The 11th GOP debate in Detroit had one clear target, front-runner Donald Trump, and most of the attacks had to do with what Ted Cruz at one point called “Trump’s tenuous relationship with the truth.”

The real estate mogul’s stance on immigration was one of the first issues to come up during the FOX News event, when he was consistently questioned about an off-the-record conversation he recently had with the New York Times editorial board.

The conversation in question allegedly contains comments made by Trump that seem to greatly soften the immigration hardline persona he has worked so hard to project.

During Thursday night’s debate, however, Trump refused to delve into details about the Times conversation, but said that despite what he may have said there, he's "not very flexible" when it comes to his proposals to build a wall across the southern border, a wall he insisted Mexico will have to pay for.

Trump reportedly told the Times that he was flexible on some aspects of the plan. But he said many of those comments were off the record.

When questioned by Fox News’ Megyn Kelly specifically about his immigration stance, Trump said that “in terms of immigration or anything else, there’s always going to be some tug and pull.”

Rivals Marco Rubio and Ted Cruz repeatedly demanded Trump authorizes the Times to disclose the audio that, they say, would show the American people he is not being truthful about what his real deportation plans. Trump didn’t concede, saying all candidates talk with reporters off the record and privacy should be honored.

Trump was also questioned on his "changing" and "softening" position on a visa program for highly skilled foreign workers.

Trump's website outlines a policy for encouraging American companies to hire native workers rather than giving out more H-1B visas for people from overseas. But Trump told the audience in Detroit that he'd be more open to bringing in highly skilled workers, especially for jobs in Silicon Valley.

Trump's admission of "softening" his position is fresh fodder for his opponents.

At one point Cruz hit back against Donald Trump's proposed immigration program, saying that millions of Americans are out of work because of existing immigration policies, and called out Trump for supporting members of the so-called Gang of Eight immigration deal.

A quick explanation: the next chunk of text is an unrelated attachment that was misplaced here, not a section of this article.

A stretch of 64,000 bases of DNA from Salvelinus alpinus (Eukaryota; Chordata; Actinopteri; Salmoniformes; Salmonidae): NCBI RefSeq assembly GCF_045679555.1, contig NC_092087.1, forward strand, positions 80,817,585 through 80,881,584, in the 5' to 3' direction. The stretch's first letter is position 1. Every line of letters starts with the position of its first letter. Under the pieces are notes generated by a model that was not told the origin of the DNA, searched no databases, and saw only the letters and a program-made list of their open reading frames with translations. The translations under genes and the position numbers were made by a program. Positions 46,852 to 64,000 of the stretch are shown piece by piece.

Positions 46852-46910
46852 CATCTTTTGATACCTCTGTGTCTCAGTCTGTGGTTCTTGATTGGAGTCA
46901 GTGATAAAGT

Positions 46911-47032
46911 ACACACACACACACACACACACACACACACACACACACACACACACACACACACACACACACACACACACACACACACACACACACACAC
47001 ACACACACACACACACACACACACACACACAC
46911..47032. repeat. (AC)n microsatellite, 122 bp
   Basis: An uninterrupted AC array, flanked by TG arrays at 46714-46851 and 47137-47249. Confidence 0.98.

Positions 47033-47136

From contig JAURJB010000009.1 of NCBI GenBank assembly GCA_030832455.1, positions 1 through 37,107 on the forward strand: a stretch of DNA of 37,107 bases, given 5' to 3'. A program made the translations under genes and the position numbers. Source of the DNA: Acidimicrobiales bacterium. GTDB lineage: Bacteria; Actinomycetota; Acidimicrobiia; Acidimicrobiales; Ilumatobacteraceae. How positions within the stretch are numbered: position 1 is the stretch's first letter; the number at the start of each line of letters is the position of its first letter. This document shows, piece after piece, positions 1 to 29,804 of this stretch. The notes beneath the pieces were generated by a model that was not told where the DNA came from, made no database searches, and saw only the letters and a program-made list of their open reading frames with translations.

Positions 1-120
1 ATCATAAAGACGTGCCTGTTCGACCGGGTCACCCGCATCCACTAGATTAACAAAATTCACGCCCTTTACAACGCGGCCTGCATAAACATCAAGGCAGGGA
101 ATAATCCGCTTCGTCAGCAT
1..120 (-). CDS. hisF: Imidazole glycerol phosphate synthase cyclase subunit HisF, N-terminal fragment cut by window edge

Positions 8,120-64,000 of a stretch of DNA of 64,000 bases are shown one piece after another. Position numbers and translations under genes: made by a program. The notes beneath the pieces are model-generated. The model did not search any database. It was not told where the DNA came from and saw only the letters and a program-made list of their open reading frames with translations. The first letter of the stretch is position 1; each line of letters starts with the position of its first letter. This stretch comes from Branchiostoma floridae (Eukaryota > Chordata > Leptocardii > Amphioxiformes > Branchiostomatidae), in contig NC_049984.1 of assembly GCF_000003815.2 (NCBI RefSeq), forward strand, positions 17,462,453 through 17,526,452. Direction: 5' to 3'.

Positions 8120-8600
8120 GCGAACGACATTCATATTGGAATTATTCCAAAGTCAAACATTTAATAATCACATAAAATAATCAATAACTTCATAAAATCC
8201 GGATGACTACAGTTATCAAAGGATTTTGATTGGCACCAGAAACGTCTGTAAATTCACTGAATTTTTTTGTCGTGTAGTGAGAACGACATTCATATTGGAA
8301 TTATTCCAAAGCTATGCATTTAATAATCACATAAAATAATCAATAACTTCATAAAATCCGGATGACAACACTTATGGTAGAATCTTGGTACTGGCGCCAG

“If you don’t like amnesty, if you don’t like the Gang of Eight,” Cruz said. “Donald Trump funded five out of the eight members.”

Trump, however, wasn’t the only Republican candidate to get asked toughed questions on the immigration issue.

Rubio was forced to answer for his role in the so-called Gang of Eight deal that would have provided a path to citizenship for people living in the country illegally. Rubio said he did the best he could in a Democratic-controlled Senate and that he hoped the Republican-led House would have worked out a better deal.

The response gained a surprising bit of praise from Trump, who said he thinks it's just fine that he negotiated with other lawmakers when debating how to deal with people living in the country illegally.

Trump frequently touts his deal-making ability on the campaign trail and during the debate he said that give and take is OK, although he may differ with Rubio on the degree to which that happens.

With Ben Carson's exit from the race this week, the field of Republican candidates has now been narrowed to four.But any number of predictions that GOP voters would unite behind one anti-Trump candidate have come and gone without a change in the overall dynamic.

Trump, with 10 state victories, continues to dominate the conversation and the delegate count.

Thursday's debate  was the first time Trump faced his rivals since scooping up seven victories on SuperTuesday.

It was also the first time he faced questioning from FOX News’ Kelly since the two clashed in the first primary debate. That's when Kelly's tough questioning about Trump's treatment of women blew up into a running argument between Fox and the candidate. Trump, who dismissed Kelly as a "lightweight" and a "bimbo," ended up boycotting a subsequent Fox debate, claiming the network was unfair.

Trump signaled he was ready for a truce. When Kelly posed her first question to him, Trump told her "you're looking well. You're looking well."

Trump has continued to pile up delegates during the long, and so far unsuccessful, effort to topple him.

He leads the field with 329 delegates. Cruz has 231, Rubio 110 and Kasich 25. It takes 1,237 delegates to win the Republican nomination for president.

The Associated Press contributed to this report.

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